Study Guide

The Death of Ivan Ilych Chapter 1

By Leo Tolstoy

Chapter 1

  • There's a recess in a trial at the Petersburg Law Courts.
  • A trio of court men – Ivan Egorovich Shebek, Fedor Vasilievich, and Peter Ivanovich – are gathered for a friendly chat in Shebek's room during the break.
  • Peter Ivanovich notices in the Gazette that a certain Ivan Ilych has died, and says this to the others.
  • The paper contains an announcement of his funeral from his widow, Praskovya Fedorovna Golovina. (Important setting info: Ivan's date of death is February 4, 1882).
  • Ivan Ilych, the narrator tells us, was a colleague and friend of the three fellows, and well liked by all of them.
  • In fact they liked him so well that they instantly react to his death by thinking about what promotions might result from it.
  • Promotions mulled over, Peter Ivanovich starts up a heartfelt conversation about the deceased.
  • Apparently Ivan had suffered for some time from a mysterious disease. The doctors couldn't agree on what it was.
  • Joking about the great difficulties in actually making a visit to Ivan's family (the house is in another part of the city. How could they possibly be expected to visit?), the three men go back to court.
  • The narrator tells us that, promotions aside, everyone's first reaction to Ivan's death is: "at least it wasn't me."
  • Their second thought is of what a bummer it will be to have to sit through the boring funeral service and see Ivan's widow.
  • Anyway, after the court session, Peter Ivanovich goes home and tells his wife over dinner that his dear friend Ivan has died and that he must pay his family a visit.
  • He also tells her there might be a promotion for a relative in the works.
  • Peter Ivanovich goes by carriage to Ivan's home, after donning elegant eveningwear.
  • Near the entrance, he finds Schwartz, another friend and colleague. What Schwartz really wants to do, Peter Ivanovich can tell, is arrange a bridge game for the evening. "Why let this dreary funeral business get you down?" seems to be his attitude.
  • Peter Ivanovich goes upstairs to the room where Ivan's body is laid out.
  • He doesn't know quite what he's supposed to do in these circumstances but is sure he's got to do something, so he figures he might as well cross himself a few times for good measure and make something resembling a bow.
  • Having shown his respect, Peter Ivanovich approaches Ivan's corpse and has a look at it.
  • It's pretty dead looking, and wasted away by sickness.
  • Still, Peter thinks Ivan's face shows that "what was necessary had been accomplished, and accomplished rightly" (1.27). It has a certain dignity.
  • It's not too long before looking at the corpse makes Peter Ivanovich very uncomfortable, and he quickly leaves the room (after crossing himself again).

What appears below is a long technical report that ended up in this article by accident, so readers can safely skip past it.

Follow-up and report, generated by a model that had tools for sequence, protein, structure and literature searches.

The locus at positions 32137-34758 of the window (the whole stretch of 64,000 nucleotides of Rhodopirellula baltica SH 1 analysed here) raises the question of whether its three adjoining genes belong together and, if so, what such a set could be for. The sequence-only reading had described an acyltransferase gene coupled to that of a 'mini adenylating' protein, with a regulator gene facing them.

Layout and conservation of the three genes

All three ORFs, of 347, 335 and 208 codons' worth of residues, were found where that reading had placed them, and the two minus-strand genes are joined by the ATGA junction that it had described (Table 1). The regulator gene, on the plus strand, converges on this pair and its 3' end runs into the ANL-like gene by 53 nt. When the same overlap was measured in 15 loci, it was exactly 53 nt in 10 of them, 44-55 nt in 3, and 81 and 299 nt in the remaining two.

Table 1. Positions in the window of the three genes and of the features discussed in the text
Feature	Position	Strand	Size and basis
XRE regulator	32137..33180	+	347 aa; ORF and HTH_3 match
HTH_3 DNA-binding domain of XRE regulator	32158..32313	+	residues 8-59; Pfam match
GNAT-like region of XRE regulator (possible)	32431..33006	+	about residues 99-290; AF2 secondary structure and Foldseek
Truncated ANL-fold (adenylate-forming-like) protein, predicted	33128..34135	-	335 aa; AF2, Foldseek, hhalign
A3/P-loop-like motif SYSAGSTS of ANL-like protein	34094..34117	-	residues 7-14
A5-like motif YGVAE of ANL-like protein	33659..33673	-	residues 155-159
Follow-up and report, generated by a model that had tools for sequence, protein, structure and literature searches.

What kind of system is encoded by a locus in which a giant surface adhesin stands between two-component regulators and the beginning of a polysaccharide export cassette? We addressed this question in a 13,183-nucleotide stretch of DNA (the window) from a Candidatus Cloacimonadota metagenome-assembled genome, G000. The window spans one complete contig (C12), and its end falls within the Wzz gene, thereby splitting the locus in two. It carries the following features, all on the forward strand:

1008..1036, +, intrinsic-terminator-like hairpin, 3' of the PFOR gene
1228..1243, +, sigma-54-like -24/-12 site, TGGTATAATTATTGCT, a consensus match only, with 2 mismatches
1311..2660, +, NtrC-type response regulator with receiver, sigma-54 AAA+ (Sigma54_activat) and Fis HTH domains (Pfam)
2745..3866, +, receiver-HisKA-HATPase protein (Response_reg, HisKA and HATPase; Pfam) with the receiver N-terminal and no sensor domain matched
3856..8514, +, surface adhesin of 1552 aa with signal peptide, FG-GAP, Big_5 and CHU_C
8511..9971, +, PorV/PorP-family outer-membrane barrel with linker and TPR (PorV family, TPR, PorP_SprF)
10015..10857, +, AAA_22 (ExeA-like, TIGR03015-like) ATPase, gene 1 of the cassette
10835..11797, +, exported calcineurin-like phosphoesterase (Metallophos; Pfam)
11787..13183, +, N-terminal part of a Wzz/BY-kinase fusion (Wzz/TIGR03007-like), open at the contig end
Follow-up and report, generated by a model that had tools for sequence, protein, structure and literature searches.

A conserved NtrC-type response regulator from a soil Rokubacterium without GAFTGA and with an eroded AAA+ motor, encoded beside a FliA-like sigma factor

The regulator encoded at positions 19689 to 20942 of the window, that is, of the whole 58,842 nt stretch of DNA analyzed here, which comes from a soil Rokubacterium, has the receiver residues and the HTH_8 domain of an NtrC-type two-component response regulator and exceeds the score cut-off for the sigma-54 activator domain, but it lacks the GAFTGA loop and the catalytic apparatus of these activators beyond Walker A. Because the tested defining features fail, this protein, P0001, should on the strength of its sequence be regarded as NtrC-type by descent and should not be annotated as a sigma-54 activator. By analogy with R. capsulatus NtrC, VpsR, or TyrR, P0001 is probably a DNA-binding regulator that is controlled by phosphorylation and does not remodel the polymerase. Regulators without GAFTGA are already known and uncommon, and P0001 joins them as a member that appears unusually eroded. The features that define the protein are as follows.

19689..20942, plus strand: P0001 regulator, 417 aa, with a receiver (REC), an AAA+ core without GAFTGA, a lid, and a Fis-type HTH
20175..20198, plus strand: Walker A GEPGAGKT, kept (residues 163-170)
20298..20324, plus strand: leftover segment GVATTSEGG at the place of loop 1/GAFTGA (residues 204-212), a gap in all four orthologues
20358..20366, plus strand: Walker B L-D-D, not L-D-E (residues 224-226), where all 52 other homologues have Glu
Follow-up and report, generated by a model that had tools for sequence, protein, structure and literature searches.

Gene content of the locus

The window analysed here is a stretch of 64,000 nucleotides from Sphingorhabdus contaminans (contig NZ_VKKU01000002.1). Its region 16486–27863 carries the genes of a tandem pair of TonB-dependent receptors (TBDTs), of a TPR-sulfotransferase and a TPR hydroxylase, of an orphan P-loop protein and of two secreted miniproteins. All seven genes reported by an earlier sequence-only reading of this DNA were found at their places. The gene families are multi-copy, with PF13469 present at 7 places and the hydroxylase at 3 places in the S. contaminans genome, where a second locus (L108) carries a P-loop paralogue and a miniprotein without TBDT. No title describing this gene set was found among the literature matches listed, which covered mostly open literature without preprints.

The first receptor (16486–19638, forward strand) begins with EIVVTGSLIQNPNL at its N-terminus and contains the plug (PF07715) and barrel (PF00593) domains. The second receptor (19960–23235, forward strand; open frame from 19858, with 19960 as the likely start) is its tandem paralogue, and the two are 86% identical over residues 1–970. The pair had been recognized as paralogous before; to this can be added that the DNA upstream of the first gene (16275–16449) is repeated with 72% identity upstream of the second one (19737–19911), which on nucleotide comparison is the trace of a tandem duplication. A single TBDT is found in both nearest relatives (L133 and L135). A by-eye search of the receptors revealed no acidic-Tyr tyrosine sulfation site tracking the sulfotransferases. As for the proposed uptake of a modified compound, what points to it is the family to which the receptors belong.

• Fortunately Peter runs into the contagiously good-humored Schwartz, who perks him up and tries to make arrangements for the bridge game.
  • Somewhat less luckily, Praskovya Fedorovna – Ivan's unattractive and arched-eye-browed widow – interrupts them by announcing that it's time for the service.
  • She recognizes Peter Ivanovich and asks him to come with her to another room to talk before the service begins.
  • Praskovya Fedorovna wants to show everyone how sad she is, but she just comes across as being fake.
  • Peter Ivanovich also tries to pretend to be compassionate.
  • They are both gratified by this, and arrive together at the drawing room.
  • Praskovya Fedorovna confides tragically to Peter Ivanovich that Ivan Ilych suffered terribly in his last days.
  • This fills Peter with horror: he'd known Ivan most of his life, and for the first time it really hits him that Ivan could just as well be…him. (Gulp.)
  • He's even startled enough to forget his disgust at how obviously he and Praskovya Fedorovna are faking all of their feelings.
  • Peter Ivanovich gets over the horror once Praskovya Fedorovna starts describing Ivan's suffering in more detail.
  • This was Ivan, not me, he convincingly reassures himself. He can't see something awful like this happening to him.
  • Just for good measure, Praskovya Fedorovna again bemoans how hard it all is and bursts into tears.
  • After some more comforting from Peter she quickly dries up and moves on to what she really wants to talk about: how she can milk more money from the government now that she's a widow.
  • Praskovya Fedorovna has evidently researched this question very carefully already, and Peter Ivanovich doesn't have anything new to add. She quickly loses interest in him.
  • The discarded Peter leaves the drawing room and returns to the room with the corpse, passing Ivan Ilych's angry-looking daughter (with her equally angry-looking fiancé) and young son on the way.
  • The service takes place: "candles, groans, incense, tears, and sobs" (1.46).
  • Peter Ivanovich makes sure not to let the service get him down and leaves as soon as the dreadful affair is over.
  • He's got a bridge game to catch.

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